Terahertz radiation has been studied for a long time, but traditionally has been generated either by microwave sources, which have relatively low output power, or by high power (but quite expensive) sources, such as free electron lasers and synchrotrons. Such sources have been great for research, but are too large for practical applications. More recently, the use of photoconductive antennas on semiconductor materials for terahertz generation has become popular. With a pair of laser diodes, a continuous wave can be formed with the difference frequency between the two pump lasers. Tuning the pump lasers can result a spectrally pure continuous wave source. Alternatively, a femtosecond laser (typically a fiber laser) can be used to produce a broadband terahertz source. Both of these methods can be relatively inexpensive and relatively high-power. Recently, quantum cascade lasers have also become available that can reach into the terahertz range.
Menlo Systems and Toptica Photonics are two of the more prominent manufacturers of packaged terahertz sources based on photoconductive antennas, while LongWave Photonics develops terahertz systems around their quantum cascade laser platform.
Optical Parametric Oscillators
This class of devices began to emerge in the mid-1990s. Using a doped crystal such as periodically-poled lithium niobate (PPLN), a continuous pump beam can be separated into two distinct wavelengths, and tuned, depending on cavity configuration. PPLN is high efficiency, and can generate tunable, high energy continuous output in the visible (roughly 400–700 nm) and IR (roughly 1.1–4.5 micrometer) regions. Spectra-Physics and Coherent each make popular OPO modules. These are confined to the laboratory because of their relatively sensitive nature and need for relatively large pump lasers, but their large tuning range and versatility have helped them largely supplant dye lasers for narrow-linewidth tunable sources for research.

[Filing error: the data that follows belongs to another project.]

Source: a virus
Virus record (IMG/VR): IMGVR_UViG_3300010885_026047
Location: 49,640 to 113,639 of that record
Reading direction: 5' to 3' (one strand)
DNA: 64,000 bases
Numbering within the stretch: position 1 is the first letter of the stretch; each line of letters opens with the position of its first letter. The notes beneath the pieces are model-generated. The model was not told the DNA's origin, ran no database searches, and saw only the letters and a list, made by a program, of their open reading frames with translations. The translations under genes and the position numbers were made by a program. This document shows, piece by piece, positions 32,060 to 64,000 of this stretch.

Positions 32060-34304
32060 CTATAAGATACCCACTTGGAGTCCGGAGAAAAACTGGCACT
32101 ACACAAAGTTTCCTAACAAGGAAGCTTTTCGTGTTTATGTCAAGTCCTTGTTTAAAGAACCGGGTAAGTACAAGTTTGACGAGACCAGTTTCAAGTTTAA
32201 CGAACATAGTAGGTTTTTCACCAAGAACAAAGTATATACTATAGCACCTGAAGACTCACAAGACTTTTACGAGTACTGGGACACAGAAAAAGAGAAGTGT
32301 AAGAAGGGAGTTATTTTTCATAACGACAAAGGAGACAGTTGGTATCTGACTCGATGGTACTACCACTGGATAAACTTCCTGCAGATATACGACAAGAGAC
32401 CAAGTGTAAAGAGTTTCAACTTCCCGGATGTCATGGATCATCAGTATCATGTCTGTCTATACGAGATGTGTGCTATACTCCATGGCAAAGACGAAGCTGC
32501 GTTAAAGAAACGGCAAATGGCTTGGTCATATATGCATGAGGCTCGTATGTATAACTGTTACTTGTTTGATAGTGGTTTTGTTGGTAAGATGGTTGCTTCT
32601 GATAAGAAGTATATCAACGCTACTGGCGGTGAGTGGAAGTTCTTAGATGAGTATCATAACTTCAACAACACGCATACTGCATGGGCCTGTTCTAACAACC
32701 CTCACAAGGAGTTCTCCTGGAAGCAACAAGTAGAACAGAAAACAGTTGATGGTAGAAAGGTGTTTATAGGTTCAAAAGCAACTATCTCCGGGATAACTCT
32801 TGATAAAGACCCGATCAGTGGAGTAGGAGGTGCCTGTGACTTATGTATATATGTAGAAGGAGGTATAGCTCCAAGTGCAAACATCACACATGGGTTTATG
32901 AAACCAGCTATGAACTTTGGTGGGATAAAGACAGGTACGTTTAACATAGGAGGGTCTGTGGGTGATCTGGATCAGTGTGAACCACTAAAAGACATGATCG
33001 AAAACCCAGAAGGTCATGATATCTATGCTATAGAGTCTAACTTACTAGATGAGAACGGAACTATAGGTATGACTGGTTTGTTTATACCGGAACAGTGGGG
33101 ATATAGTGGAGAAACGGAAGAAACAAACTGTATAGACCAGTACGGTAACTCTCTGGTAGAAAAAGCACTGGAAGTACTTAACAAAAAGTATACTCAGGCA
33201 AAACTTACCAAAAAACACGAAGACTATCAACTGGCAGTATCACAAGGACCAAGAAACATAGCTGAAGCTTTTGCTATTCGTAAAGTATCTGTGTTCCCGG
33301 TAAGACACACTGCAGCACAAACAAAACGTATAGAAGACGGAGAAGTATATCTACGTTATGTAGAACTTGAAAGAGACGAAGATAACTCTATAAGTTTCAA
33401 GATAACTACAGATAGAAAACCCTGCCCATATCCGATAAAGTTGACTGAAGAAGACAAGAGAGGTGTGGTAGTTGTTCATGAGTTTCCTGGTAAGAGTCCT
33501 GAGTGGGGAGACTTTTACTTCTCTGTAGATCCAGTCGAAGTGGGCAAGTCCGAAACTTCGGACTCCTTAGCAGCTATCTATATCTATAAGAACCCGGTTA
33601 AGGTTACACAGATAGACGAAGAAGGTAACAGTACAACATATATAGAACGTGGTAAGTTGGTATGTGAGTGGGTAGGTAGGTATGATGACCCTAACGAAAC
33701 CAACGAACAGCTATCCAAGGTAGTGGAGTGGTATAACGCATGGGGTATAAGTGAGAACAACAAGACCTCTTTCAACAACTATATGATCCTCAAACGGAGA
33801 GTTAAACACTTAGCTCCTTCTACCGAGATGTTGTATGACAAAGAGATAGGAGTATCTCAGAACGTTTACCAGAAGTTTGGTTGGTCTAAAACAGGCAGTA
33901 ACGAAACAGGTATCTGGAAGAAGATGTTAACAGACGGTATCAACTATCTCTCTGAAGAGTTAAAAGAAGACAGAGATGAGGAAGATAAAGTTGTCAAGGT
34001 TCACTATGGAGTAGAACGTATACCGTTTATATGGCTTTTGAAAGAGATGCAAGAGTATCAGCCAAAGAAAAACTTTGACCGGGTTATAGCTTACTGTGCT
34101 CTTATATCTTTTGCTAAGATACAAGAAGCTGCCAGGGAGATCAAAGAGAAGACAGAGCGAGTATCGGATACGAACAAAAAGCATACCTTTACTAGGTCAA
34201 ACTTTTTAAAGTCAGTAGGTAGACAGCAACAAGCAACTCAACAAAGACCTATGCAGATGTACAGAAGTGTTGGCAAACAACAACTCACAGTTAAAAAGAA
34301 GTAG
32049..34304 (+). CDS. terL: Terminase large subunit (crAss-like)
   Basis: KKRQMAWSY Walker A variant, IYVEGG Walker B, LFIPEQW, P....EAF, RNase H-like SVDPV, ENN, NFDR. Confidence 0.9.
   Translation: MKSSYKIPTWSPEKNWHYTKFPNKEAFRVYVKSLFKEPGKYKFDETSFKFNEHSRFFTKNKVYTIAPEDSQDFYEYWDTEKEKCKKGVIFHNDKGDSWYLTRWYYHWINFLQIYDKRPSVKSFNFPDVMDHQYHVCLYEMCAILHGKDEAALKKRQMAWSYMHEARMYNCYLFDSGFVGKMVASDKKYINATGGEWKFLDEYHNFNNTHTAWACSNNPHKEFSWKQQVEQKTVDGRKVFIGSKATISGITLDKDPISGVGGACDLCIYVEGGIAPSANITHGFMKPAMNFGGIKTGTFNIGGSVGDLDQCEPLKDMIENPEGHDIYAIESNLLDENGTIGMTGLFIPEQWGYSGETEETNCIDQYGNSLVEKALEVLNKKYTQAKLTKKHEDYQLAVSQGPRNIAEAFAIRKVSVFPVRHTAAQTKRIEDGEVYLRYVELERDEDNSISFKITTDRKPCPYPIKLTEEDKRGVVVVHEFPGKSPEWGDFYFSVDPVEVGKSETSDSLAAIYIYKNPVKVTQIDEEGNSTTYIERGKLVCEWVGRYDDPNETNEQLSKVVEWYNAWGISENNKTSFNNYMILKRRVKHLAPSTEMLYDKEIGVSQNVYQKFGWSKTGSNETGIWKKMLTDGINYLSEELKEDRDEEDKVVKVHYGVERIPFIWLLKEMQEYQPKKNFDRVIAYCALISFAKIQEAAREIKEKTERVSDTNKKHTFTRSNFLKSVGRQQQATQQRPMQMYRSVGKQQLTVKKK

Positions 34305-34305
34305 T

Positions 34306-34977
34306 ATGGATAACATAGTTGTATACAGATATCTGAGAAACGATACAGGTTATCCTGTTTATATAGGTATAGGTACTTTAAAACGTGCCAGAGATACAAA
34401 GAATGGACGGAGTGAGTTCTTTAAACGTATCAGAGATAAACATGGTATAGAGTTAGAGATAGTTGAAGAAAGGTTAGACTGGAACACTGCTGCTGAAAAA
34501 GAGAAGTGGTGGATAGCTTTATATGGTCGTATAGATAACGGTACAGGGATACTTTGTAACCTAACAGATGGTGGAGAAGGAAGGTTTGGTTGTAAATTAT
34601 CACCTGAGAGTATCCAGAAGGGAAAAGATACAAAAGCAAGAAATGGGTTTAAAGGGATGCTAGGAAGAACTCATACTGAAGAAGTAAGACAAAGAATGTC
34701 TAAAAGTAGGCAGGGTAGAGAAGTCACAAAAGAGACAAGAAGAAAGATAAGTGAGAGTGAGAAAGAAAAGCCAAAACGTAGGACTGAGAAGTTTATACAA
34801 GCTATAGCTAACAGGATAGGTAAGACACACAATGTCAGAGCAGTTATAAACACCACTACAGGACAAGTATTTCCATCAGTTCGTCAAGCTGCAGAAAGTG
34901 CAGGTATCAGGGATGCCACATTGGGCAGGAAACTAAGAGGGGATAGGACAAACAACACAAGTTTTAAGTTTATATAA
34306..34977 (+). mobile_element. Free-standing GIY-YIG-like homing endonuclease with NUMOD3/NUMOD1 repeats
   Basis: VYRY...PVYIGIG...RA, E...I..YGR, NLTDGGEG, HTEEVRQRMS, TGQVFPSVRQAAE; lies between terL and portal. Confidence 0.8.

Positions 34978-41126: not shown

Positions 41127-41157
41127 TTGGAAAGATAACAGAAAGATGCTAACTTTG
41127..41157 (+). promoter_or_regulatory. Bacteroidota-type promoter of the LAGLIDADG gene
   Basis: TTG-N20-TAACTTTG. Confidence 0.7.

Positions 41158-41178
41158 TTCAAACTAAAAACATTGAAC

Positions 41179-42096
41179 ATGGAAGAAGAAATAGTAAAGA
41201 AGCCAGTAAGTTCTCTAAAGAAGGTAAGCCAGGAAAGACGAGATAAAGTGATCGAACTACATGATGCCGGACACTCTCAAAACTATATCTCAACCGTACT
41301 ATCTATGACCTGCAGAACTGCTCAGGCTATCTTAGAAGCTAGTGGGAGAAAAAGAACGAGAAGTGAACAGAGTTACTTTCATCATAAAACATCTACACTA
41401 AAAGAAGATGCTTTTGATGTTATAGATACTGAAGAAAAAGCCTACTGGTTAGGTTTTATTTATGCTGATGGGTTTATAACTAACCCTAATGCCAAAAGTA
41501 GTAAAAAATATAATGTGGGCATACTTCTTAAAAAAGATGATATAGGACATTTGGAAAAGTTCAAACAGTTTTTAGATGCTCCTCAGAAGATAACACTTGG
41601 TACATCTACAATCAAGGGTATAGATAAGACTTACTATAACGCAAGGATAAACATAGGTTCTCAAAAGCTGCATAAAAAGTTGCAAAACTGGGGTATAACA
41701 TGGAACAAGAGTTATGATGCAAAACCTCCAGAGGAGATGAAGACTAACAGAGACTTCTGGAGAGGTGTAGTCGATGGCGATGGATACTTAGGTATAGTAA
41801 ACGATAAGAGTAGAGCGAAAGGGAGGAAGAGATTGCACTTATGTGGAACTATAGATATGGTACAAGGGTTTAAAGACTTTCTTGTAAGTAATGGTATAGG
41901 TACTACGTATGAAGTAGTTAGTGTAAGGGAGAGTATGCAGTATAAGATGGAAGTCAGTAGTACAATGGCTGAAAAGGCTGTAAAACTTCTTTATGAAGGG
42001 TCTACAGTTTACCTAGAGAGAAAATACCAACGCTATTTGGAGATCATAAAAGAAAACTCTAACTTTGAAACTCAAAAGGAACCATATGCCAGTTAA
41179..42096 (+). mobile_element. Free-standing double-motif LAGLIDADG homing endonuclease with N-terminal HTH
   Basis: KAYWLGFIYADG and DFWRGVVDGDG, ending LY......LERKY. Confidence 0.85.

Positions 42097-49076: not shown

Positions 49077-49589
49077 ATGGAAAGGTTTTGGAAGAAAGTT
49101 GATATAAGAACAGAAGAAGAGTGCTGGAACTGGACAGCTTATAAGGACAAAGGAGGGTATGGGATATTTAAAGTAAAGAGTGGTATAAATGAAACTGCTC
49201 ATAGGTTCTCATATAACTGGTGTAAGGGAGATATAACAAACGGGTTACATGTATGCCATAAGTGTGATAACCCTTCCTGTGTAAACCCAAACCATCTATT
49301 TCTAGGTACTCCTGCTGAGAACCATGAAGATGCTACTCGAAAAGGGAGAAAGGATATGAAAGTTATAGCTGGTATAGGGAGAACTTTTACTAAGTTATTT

Supercontinuum sources are most typically based on ultrafast fiber lasers pumping specialty fiber, designed such that a combination of stimulated Raman scattering and soliton effects combine to produce very spectrally broad output. Typical output can be from around 420 nm to more than 2 micrometers. Supercontinuum sources have a laser-like beam quality, pointing stability, and very high brightness. Shot-to-shot, the spectral shape is typically very repeatable, so, in some ways, they are like broadband lamps turned into lasers. They are becoming broadly available from suppliers such as NKT Photonics, Leukos Lasers, Fyla, and Thorlabs. Research is pushing the boundaries to move supercontinuum sources to shorter (sub-400 nm) wavelengths.
Certainly, the advances we have seen here are heavily dependent on developments in semiconductors, crystals, and fiber sources. We can certainly count on continued advances in these areas (per Haitz’s Law, for example), but also in miniaturization and improvements in packaging. These, together with concurrent improvements in battery technologies, will allow increasing applications in mobile and remote sensing. This trend can only accelerate.
It’s tempting to forget how quickly things change-including how quickly our tools have changed in spectroscopy over time. None of the aforementioned systems was commercially available for spectroscopy at the founding of Spectroscopy 35 years ago, with the possible exception of terahertz systems, but in a very different form. From broadband, inexpensive LEDs spanning the spectrum to quantum cascade lasers and supercontinuum sources, things really have changed in the last three decades. These tools are driving new discoveries and making it into new instruments. Further, the tools of tomorrow are on the drawing boards and in laboratories today. I cannot wait to find out what new toys we’ll have to play with 35 years hence. Meanwhile, Happy 35th birthday, Spectroscopy magazine!
1. R. Steele, Nature Photon.1, 25–26 (2007).
2. C. Kuepper, et al., Sci. Rep.8, 7717 (2018).
Steven G. Buckley is the Vice President of Product Development and Engineering at Ocean Insight, and an affiliate associate professor at the University of Washington. Direct correspondence to Steve Buckley firstname.lastname@example.org